Chanel is a French fashion house founded in 1910 in Paris, France, by Coco Chanel. The multinational clothing-retail company creates luxury fashion for women and men.
Chanel makes clothing, accessories, footwear, watches, eyewear, beauty, and fragrances. It operates more than 300 stores and has 20,000 employees in stores, factories, logistics, brands, and subsidiaries worldwide.
Chanel recognizes climate change as a social and environmental issue. It works to accelerate progress and reduce carbon emissions in its operations and value chain.
Chanel has committed to transform its business and make long-term decisions that have a lasting positive impact on the environment and society.
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Sustainability Rating: 3/10
Category: Clothing, accessories, shoes, bags, jewelry
For: Women, men
Type: Basics, knitwear, swimwear, loungewear, outerwear, heels, sandals, boots, sneakers, flats
Style: Haute couture
Fabrics: Cotton, linen, hemp, jute, viscose, acetate, polyester, nylon, spandex, polyethylene, acrylic, neoprene, polyurethane, rubber, leather, wool, silk, down
100% Organic: No
100% Vegan: No
Ethical & Fair: No
Producing countries: not transparent enough
Certifications: GOTS, FSC, RJC, SA8000
Chanel looks for innovations in materials, products and systems that will accelerate its progress to a more sustainable future. It wants to gain a deeper understanding of its climate impacts.
Chanel aims to be better and has committed to reducing emissions and accelerating climate adaptation. It will set net zero goals in the coming years to deliver on climate targets.
Chanel only uses a very small proportion of organic materials such as organic cotton and hemp or recycled materials like recycled plastics.
Most of the fabrics it uses are either natural without relevant certifications, such as regular cotton or linen, or synthetic petroleum-based fibers such as polyester, nylon, acrylic, and more.
Chanel doesn't publish a list of its manufacturers and processing facilities on its corporate website. It doesn't disclose how it chooses its network of suppliers.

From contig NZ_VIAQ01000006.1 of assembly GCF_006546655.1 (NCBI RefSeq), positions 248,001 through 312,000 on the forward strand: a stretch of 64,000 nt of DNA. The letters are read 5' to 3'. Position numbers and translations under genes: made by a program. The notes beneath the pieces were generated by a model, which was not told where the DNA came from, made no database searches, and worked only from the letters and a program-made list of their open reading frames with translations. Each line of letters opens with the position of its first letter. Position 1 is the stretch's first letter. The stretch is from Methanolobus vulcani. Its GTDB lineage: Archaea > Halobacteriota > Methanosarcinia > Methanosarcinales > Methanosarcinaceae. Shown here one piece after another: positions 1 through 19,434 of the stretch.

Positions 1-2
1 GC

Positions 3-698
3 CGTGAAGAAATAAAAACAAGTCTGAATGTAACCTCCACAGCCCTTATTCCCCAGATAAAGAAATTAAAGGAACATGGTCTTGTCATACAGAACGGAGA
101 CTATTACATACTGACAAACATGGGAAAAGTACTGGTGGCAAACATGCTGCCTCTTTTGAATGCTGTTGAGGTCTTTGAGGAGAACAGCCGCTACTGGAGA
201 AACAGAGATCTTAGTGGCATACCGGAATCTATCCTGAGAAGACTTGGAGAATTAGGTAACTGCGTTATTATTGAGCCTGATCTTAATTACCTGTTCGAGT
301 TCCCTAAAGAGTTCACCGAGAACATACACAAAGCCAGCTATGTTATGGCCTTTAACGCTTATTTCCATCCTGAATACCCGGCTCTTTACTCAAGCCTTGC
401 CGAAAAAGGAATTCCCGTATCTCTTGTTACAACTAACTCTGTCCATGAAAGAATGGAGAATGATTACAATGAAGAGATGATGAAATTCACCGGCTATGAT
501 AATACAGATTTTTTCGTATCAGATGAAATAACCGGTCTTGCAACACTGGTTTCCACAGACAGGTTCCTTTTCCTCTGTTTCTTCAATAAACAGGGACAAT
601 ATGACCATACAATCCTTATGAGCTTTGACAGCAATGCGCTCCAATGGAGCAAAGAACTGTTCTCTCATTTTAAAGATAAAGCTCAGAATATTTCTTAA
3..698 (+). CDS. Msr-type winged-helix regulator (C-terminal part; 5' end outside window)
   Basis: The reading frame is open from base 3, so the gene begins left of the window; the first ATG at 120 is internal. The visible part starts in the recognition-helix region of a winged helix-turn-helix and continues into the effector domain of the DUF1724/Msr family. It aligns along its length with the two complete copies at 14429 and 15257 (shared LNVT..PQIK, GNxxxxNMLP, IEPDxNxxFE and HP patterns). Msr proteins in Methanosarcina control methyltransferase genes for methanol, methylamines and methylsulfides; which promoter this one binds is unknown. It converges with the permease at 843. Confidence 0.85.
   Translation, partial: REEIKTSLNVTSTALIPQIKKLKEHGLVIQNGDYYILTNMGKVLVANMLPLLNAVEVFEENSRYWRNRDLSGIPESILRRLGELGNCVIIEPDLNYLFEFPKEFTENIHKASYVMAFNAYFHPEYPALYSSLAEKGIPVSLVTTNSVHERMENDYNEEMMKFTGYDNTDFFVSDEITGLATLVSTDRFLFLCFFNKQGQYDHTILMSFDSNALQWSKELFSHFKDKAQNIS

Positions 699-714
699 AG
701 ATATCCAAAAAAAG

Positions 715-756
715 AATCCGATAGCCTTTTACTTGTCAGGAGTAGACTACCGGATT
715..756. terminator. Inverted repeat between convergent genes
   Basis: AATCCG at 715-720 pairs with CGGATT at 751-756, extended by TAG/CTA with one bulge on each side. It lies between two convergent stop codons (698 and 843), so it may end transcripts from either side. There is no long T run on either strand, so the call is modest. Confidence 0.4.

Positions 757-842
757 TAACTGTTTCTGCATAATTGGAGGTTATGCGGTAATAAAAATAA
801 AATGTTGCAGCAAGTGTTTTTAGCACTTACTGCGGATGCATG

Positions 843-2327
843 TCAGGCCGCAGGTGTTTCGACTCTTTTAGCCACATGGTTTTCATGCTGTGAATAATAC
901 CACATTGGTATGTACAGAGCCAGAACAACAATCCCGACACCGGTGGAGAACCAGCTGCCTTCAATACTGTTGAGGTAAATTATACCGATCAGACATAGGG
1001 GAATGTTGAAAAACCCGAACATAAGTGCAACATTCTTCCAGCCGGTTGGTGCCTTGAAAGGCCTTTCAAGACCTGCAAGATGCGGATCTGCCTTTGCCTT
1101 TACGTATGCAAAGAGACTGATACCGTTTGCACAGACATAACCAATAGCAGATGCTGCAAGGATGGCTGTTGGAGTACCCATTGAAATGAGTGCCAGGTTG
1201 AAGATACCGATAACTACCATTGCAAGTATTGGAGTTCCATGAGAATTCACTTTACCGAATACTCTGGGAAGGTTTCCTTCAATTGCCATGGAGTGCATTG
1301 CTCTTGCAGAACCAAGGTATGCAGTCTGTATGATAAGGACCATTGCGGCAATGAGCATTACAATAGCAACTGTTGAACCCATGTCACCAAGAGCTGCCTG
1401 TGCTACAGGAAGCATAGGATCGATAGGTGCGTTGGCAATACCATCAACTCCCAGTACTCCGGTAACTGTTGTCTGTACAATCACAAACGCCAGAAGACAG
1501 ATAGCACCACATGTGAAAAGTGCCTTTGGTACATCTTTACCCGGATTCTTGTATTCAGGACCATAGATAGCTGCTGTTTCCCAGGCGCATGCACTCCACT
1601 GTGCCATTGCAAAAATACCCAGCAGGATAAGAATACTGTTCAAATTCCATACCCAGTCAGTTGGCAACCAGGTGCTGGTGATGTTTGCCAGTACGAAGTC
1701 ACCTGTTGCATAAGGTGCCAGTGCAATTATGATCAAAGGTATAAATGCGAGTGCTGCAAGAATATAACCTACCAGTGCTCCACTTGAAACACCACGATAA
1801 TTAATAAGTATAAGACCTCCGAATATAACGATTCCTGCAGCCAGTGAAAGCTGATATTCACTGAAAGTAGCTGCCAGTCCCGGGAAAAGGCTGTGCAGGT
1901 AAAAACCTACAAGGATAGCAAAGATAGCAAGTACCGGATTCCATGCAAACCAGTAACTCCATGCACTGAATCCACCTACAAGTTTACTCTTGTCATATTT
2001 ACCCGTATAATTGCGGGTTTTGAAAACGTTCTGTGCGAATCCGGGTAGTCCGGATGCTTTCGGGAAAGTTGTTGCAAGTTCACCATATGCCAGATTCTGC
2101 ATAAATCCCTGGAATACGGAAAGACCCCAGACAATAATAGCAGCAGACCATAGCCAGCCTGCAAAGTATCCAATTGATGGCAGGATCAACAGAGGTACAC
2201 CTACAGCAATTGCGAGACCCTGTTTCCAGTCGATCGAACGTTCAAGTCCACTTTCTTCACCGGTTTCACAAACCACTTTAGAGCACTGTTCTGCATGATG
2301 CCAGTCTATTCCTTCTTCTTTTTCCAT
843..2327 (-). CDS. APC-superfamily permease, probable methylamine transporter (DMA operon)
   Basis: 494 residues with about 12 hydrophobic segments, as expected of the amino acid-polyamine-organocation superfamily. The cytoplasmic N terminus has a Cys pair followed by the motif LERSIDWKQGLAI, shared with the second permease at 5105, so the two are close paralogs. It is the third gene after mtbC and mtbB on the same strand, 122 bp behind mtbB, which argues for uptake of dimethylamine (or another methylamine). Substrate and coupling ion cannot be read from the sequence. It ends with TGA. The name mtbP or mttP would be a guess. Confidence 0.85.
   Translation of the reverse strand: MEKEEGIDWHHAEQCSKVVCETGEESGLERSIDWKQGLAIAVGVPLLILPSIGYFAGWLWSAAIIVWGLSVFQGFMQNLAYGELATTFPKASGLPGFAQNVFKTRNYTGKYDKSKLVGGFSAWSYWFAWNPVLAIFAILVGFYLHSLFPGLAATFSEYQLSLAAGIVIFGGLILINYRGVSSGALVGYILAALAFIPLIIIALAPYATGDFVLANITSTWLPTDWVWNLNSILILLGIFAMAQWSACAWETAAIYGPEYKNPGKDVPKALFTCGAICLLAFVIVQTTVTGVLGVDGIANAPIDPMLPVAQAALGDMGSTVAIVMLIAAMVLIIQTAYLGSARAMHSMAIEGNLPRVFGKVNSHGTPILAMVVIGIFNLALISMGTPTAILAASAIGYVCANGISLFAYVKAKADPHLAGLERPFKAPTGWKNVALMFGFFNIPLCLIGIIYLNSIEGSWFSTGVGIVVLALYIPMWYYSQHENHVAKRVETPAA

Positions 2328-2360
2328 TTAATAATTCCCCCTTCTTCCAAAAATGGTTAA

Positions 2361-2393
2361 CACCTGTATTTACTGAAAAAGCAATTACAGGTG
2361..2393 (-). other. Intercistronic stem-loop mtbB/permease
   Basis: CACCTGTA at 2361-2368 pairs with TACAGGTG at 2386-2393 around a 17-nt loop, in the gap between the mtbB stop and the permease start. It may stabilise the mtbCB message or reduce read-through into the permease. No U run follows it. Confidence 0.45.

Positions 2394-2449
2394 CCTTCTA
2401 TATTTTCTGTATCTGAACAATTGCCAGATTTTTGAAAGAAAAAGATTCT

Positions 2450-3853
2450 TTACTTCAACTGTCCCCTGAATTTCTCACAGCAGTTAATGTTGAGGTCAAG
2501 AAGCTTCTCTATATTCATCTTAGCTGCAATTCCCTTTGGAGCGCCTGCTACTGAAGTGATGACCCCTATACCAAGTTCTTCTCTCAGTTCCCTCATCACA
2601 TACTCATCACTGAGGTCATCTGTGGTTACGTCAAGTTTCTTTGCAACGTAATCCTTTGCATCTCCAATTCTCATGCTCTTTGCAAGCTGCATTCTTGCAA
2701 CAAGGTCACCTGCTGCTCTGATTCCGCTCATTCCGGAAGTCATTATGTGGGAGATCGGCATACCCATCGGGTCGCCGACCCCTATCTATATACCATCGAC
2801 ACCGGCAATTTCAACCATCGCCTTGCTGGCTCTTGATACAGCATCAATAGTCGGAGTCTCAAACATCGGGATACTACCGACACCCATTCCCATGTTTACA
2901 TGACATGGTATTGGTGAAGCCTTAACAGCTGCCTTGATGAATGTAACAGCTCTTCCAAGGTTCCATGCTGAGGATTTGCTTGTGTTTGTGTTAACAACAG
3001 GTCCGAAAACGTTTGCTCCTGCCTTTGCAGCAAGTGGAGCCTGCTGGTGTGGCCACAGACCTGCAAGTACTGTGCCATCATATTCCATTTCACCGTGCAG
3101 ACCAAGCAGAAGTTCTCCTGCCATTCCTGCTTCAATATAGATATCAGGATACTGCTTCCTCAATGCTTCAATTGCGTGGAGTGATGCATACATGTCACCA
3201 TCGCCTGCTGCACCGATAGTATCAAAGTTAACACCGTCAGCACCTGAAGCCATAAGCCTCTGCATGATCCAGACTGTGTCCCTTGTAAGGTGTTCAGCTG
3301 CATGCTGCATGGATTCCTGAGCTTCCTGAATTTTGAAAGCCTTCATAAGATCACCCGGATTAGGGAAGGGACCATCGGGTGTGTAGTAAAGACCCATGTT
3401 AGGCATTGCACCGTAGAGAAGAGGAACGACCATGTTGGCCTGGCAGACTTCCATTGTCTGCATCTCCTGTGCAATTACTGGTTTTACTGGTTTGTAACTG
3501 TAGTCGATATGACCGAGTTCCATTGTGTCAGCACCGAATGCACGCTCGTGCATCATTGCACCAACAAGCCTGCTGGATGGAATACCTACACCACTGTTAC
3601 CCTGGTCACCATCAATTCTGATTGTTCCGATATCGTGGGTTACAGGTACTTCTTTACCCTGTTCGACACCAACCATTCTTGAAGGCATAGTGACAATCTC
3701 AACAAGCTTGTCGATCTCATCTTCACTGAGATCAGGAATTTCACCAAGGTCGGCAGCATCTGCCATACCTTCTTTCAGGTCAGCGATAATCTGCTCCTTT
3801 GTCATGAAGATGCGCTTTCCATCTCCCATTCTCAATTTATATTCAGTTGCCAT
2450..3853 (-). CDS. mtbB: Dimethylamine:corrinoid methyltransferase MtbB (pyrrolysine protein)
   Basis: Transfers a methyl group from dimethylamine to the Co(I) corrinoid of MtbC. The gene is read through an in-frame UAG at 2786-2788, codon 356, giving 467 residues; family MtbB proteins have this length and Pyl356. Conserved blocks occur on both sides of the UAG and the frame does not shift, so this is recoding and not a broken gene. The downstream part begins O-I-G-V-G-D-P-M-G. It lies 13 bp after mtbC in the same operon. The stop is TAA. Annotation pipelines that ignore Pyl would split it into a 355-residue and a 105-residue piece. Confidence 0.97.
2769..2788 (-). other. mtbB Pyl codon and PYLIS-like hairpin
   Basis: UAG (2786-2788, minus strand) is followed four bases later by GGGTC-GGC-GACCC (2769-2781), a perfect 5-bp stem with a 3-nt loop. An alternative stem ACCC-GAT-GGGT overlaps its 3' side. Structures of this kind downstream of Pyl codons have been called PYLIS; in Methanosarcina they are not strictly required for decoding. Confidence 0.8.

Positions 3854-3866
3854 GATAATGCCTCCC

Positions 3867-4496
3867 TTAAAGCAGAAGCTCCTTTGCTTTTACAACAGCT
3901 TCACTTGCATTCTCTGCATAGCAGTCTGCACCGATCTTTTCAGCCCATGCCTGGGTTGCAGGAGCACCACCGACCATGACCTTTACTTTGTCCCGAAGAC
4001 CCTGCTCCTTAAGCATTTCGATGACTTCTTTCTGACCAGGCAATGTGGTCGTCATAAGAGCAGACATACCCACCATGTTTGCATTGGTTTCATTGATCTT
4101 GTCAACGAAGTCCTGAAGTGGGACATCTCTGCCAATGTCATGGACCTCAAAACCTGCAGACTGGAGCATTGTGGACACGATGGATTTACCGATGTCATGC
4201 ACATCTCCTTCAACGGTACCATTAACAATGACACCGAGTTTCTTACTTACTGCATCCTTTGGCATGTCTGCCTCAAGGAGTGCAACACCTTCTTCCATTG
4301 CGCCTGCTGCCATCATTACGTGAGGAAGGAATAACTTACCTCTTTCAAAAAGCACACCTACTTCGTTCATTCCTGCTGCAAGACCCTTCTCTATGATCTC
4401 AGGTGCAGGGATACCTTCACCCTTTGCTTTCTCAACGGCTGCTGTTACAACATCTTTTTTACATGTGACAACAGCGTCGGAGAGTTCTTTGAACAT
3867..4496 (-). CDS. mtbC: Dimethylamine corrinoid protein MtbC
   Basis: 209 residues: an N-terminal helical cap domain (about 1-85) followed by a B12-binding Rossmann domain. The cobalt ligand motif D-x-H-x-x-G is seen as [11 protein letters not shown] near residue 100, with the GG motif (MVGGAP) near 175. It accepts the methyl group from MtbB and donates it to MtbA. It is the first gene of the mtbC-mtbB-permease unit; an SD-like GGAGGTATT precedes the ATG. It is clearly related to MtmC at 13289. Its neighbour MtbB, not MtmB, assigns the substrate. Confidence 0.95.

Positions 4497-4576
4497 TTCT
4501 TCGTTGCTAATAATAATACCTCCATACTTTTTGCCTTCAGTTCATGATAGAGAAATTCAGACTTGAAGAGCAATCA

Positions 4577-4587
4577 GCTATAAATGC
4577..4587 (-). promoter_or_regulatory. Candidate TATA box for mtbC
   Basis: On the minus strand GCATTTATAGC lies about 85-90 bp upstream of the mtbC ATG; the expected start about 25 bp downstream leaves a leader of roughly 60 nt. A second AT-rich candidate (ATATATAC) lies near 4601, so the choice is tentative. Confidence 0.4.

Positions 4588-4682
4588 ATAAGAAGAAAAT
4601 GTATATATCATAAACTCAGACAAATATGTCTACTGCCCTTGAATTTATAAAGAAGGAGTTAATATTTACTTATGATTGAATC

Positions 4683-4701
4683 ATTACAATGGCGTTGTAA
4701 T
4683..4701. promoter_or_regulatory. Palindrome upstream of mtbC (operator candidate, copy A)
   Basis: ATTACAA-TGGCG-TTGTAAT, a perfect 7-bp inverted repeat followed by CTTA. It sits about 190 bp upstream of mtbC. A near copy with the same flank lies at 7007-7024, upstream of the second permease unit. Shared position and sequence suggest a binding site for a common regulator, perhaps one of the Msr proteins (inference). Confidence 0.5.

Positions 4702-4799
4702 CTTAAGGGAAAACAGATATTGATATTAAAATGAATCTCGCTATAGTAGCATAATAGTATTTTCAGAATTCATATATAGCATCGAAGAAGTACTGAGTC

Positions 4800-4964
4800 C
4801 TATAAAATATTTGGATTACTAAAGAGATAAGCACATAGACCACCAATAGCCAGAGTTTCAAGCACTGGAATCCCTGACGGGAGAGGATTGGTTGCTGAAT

The 2021 Fashion Transparency Index gave Chanel a score of only 11% based on how much the group discloses about its social and environmental policies, practices, and impacts.
Chanel conducts selected audits of suppliers on both an unannounced and announced basis. Some of these audits have been based on the International Standard: Social Accountability 8000.
Chanel doesn't have a code of conduct that applies to all its suppliers and subcontractors based on the regulations set by the International Labor Organization (ILO).
Chanel doesn't use any exotic animal skin or fur. But it uses animal hair and angora as well as leather, wool, silk, and down feathers to manufacture many of its clothing pieces.
These animal-derived materials are cruel and unethical. They also harm the environment by producing greenhouse gases and waste. More sustainable alternatives exist.
Chanel has committed to assessing and reducing its carbon emissions and focuses on climate change to limit the average global mean temperature increase to 1.5 degrees Celsius above preindustrial levels.
Chanel has set science-based targets to decrease its carbon footprint (scope 1 and 2) by 50% by 2030 and decrease emissions from its value chain (scope 3) by 40% per unit sold by 2030.
Chanel also aims to shift to 100% renewable electricity in its own operations by 2025.
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